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  Difference between proliferation and condensation of bosons

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It is usually seen in literature the terminology that certain bosons proliferate or condense. What is the difference between them? Is it that proliferation just means a large number of bosons occupy certain state, and condensation further means there is also off-diagonal long range order besides that?

For example, in three dimensions free bosons can condense at low temperatures, signaled by a macroscopic number of bosons in the single particle ground state. There is a phase transition going from the high temperature uncondensed phase to the low temperature condensed phase, and this can be seen in singularities in various thermodynamic quantities.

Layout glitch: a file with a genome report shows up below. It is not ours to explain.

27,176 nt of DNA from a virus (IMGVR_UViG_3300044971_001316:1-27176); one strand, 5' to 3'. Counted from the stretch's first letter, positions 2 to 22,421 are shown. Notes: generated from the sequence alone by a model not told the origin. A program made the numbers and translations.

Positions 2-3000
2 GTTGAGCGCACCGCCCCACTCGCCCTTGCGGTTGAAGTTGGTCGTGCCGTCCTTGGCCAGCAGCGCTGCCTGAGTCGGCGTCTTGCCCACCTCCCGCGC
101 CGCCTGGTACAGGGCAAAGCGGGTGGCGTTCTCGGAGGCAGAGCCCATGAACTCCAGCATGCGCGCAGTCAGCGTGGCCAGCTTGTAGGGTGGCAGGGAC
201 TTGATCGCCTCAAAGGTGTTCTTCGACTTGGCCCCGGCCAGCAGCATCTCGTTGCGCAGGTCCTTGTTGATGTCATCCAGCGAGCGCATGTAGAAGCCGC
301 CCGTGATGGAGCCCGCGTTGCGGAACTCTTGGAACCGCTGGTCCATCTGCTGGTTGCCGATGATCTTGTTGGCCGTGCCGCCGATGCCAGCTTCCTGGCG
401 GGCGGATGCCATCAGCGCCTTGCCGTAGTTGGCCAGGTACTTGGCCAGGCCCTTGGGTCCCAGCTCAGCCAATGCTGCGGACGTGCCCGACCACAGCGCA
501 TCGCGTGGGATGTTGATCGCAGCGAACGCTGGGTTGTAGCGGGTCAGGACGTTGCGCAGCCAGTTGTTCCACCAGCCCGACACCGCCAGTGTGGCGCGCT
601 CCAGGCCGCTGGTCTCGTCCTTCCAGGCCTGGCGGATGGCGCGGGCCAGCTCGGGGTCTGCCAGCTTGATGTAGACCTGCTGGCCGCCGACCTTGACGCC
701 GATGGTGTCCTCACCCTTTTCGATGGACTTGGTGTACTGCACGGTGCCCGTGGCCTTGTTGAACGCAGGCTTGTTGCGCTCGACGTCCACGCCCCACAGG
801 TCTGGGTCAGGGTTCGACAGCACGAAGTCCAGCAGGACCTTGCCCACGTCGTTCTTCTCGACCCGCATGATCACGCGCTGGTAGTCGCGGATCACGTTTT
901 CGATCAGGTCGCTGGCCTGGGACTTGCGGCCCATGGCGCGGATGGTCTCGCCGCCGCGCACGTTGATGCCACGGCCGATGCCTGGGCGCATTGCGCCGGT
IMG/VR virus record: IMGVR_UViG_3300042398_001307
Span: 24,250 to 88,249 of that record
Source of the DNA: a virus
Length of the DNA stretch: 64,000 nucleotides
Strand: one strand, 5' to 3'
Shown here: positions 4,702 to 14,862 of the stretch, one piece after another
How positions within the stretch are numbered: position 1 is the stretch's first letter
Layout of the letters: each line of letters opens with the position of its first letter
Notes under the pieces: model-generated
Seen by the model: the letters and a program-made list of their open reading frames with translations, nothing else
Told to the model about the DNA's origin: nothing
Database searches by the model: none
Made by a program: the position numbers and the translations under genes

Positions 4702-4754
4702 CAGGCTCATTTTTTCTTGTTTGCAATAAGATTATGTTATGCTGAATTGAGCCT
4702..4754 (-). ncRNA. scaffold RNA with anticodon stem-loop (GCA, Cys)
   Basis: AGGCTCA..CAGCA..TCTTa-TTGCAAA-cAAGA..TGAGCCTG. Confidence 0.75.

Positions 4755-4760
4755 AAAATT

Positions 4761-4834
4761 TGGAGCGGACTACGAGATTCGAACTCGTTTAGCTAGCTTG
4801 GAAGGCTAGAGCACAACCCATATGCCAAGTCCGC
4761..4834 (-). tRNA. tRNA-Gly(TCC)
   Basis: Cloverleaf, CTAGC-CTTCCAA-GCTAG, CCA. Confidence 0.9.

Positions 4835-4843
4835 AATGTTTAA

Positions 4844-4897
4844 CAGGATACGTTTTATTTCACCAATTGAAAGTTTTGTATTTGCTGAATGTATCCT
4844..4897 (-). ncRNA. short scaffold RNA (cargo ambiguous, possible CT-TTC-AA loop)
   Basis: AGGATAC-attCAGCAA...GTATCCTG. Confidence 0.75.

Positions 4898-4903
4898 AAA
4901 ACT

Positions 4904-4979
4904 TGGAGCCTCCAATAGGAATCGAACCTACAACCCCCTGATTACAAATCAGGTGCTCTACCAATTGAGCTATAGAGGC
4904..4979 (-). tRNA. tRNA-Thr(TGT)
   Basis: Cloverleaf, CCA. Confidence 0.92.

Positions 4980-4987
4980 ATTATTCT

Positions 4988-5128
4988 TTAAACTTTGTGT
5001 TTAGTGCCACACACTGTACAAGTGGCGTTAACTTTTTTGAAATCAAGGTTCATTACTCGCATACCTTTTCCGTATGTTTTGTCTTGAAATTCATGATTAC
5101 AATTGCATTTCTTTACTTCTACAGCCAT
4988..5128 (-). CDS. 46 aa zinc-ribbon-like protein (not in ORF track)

But in two dimensions, as long as the temperature is low enough, there can also be a macroscopic number of bosons in the single particle ground state. However, we do not say this is a Bose-Einstein condensate, because there is no phase transition. Then in this case should we say bosons proliferate but not condense?

asked Apr 11, 2017 in Theoretical Physics by Mr. Gentleman (255 points) [ no revision ]
recategorized Apr 11, 2017 by Dilaton

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